|From:||East Finchley, London (TQ276886)|
|To:||Welwyn Garden City (TL235165)|
|Length:||21 miles (33.8 km)|
|Meets:||A1, A504, A406, A598, A1003, A109, A5109, A110, A411, A1081, A111, A1001, A414, A5129, A1(M)|
|Route outline (key)|
The greater part of the A1000 follows the former route of the A1 from East Finchley to Hatfield, as evidenced by many sections of it which are known as Great North Road.
Starting on the A1 north of Highgate the road heads north through East Finchley, after which there is a GSJ with the A406 North Circular. In North Finchley the road meets the A1003 and is forced left onto a gyratory, with northbound traffic using part of the A598 to return to the A1000 (southbound traffic follows the direct route). The road then continues through Whetstone, where it is briefly dualled, before reaching Barnet. After going under the Northern line the A1081 St Albans Road turns off left at traffic lights. Although both roads here have 4-digit numbers and seem quite unimportant this was once a major road junction as it was where the A6 turned off the A1.
After Barnet the road soon enters open country. This does not last for long, however, as the road soon goes under the M25 to enter Potters Bar. The road remains in a state of uncertainty as to whether it is urban or rural for a few more miles before reaching a fork GSJ on the southern edge of Hatfield. Ahead is the A1001 southern bypass whilst the A1000 has to TOTSO. Unusually for a GSJ, both roads are S2. The road now runs to the east of Hatfield New Town, parallel to the East Coast Main Line, before running through Old Hatfield to reach a set of traffic lights.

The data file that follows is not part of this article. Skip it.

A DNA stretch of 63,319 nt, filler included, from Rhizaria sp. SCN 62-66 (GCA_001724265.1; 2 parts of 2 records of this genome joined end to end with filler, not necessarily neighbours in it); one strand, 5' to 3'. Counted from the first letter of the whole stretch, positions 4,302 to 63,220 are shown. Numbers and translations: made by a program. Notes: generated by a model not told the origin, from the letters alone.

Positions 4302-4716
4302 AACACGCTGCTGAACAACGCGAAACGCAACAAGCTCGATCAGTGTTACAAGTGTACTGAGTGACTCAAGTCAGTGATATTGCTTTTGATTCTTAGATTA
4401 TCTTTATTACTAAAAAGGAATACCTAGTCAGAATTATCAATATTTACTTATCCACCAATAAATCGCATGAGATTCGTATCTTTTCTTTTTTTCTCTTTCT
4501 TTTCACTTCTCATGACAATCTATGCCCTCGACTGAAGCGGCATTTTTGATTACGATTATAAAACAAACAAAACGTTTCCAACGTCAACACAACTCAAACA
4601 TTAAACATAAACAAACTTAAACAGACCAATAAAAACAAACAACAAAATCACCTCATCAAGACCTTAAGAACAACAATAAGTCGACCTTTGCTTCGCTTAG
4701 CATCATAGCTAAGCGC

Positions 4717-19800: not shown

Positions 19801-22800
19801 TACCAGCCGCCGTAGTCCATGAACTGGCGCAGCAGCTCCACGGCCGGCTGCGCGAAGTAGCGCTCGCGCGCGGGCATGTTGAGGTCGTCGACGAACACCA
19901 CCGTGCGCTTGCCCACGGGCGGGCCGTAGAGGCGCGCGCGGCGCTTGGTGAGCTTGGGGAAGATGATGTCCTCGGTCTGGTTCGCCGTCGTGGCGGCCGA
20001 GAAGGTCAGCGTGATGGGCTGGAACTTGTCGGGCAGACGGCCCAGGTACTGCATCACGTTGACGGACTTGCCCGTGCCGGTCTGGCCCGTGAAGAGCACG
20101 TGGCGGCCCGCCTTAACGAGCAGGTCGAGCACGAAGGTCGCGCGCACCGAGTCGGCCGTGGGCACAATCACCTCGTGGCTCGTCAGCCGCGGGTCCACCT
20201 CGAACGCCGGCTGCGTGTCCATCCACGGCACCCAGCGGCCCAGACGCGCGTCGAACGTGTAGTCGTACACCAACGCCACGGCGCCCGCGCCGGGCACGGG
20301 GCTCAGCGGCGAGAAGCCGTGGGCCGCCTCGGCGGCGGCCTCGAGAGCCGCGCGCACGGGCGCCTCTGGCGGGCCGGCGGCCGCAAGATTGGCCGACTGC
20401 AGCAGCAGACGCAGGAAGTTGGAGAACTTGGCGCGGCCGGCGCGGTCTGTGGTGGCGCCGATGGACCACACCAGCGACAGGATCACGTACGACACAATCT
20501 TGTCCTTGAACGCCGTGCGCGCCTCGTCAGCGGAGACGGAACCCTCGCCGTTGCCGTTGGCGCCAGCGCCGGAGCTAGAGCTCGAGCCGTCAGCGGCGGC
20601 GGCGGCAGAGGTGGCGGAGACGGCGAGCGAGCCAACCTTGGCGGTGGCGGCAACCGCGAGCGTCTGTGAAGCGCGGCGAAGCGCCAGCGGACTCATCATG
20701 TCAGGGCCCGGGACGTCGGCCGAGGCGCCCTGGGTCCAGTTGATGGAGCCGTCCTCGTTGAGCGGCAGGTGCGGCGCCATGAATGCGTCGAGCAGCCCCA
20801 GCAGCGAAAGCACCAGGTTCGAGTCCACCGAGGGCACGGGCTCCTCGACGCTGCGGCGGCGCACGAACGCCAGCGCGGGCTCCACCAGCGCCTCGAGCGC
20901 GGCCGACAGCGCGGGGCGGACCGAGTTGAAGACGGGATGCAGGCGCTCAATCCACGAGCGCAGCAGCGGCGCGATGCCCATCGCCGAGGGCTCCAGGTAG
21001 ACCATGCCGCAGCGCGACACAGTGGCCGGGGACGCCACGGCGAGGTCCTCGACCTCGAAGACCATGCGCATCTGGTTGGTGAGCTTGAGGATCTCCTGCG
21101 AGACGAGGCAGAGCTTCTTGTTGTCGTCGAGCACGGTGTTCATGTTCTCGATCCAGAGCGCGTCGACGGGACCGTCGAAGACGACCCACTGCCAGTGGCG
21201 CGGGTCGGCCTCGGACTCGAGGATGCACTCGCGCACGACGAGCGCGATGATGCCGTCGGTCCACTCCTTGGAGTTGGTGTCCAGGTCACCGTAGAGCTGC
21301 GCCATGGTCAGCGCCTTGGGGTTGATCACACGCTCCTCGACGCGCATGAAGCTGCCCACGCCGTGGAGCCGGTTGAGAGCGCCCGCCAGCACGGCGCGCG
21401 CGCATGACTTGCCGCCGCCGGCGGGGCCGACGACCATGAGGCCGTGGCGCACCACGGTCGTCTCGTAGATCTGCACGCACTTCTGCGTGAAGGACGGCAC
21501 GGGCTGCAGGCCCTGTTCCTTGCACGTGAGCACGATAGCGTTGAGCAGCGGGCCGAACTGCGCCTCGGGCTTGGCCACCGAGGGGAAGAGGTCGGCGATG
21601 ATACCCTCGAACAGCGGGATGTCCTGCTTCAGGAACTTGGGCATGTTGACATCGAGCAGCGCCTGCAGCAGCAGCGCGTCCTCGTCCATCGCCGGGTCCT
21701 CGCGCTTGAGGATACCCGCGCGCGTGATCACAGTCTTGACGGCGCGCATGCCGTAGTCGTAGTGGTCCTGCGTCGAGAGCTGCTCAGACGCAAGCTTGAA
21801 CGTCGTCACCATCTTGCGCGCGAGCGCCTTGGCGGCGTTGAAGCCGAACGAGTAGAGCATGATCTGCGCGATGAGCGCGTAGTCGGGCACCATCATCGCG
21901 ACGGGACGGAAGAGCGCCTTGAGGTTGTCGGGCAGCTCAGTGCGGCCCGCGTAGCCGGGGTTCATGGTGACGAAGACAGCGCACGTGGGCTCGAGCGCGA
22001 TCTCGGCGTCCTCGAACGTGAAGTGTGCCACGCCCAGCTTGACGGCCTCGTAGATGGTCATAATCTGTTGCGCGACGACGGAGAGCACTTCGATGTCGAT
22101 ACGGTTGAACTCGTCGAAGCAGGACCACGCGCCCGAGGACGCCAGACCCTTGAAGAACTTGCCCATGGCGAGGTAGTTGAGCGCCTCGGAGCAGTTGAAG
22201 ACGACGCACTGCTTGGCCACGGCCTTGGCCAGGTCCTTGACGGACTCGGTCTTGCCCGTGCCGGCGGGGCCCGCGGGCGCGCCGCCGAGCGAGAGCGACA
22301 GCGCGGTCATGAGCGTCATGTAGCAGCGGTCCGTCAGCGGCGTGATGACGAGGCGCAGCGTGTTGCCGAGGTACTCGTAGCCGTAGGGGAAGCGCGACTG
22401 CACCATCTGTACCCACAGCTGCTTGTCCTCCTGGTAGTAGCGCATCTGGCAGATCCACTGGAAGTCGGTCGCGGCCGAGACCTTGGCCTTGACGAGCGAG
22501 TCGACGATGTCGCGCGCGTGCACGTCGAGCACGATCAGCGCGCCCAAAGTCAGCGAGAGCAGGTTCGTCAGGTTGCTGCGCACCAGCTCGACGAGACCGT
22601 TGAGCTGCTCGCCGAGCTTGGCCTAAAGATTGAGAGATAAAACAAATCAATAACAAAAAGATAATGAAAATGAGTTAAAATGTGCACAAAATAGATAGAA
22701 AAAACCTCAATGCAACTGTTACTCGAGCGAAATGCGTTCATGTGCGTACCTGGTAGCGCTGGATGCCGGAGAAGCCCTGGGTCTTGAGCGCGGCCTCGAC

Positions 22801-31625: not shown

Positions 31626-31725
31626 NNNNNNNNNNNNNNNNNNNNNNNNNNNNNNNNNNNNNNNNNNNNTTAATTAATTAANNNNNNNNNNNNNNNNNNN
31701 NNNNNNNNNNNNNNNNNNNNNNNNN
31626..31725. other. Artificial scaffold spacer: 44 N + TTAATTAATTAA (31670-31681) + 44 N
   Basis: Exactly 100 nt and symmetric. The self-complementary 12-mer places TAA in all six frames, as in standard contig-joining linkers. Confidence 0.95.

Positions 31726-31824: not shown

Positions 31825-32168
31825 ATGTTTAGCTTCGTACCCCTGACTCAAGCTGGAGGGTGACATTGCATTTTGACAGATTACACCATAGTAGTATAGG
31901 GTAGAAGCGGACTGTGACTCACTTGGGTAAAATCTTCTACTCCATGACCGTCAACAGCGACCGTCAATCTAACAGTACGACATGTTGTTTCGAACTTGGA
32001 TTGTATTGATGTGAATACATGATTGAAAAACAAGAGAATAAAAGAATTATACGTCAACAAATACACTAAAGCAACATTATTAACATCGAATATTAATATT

The route of the A1000 north of here has never been part of the Great North Road or the A1, and was built as the new town developed. The Great North Road from this point followed a straighter route past the west of the town and up to Welwyn along the B197, shown in this Google Maps extract. When originally inaugurated the A1000 continued ahead and soon met the A1 once more. However, it is no longer possible to follow this route; this is not necessarily due to urban development, more that the railway bridge collapsed in 1966 and was only rebuilt as a footbridge. The A1000 therefore TOTSOs right at the traffic lights to cross the A414 at a GSJ to reach the next New Town, Welwyn Garden City.
A wide S2 road liberally scattered with roundabouts takes the A1000 to the east of the town centre before reaching the Mundells gyratory, which includes a junction with the present alignment of the B1000. The A1000 then zigzags west to go under the Welwyn Viaduct (sometimes known as the Digswell Viaduct) and over the River Mimram to become D2. The road heads west for a short distance to reach A1(M) J6 where it also meets the Great North Road (now B197) once more. The south-facing and north-facing slip roads are a short distance apart so the A1000 follows the former A1 for a short distance to connect the whole of the junction.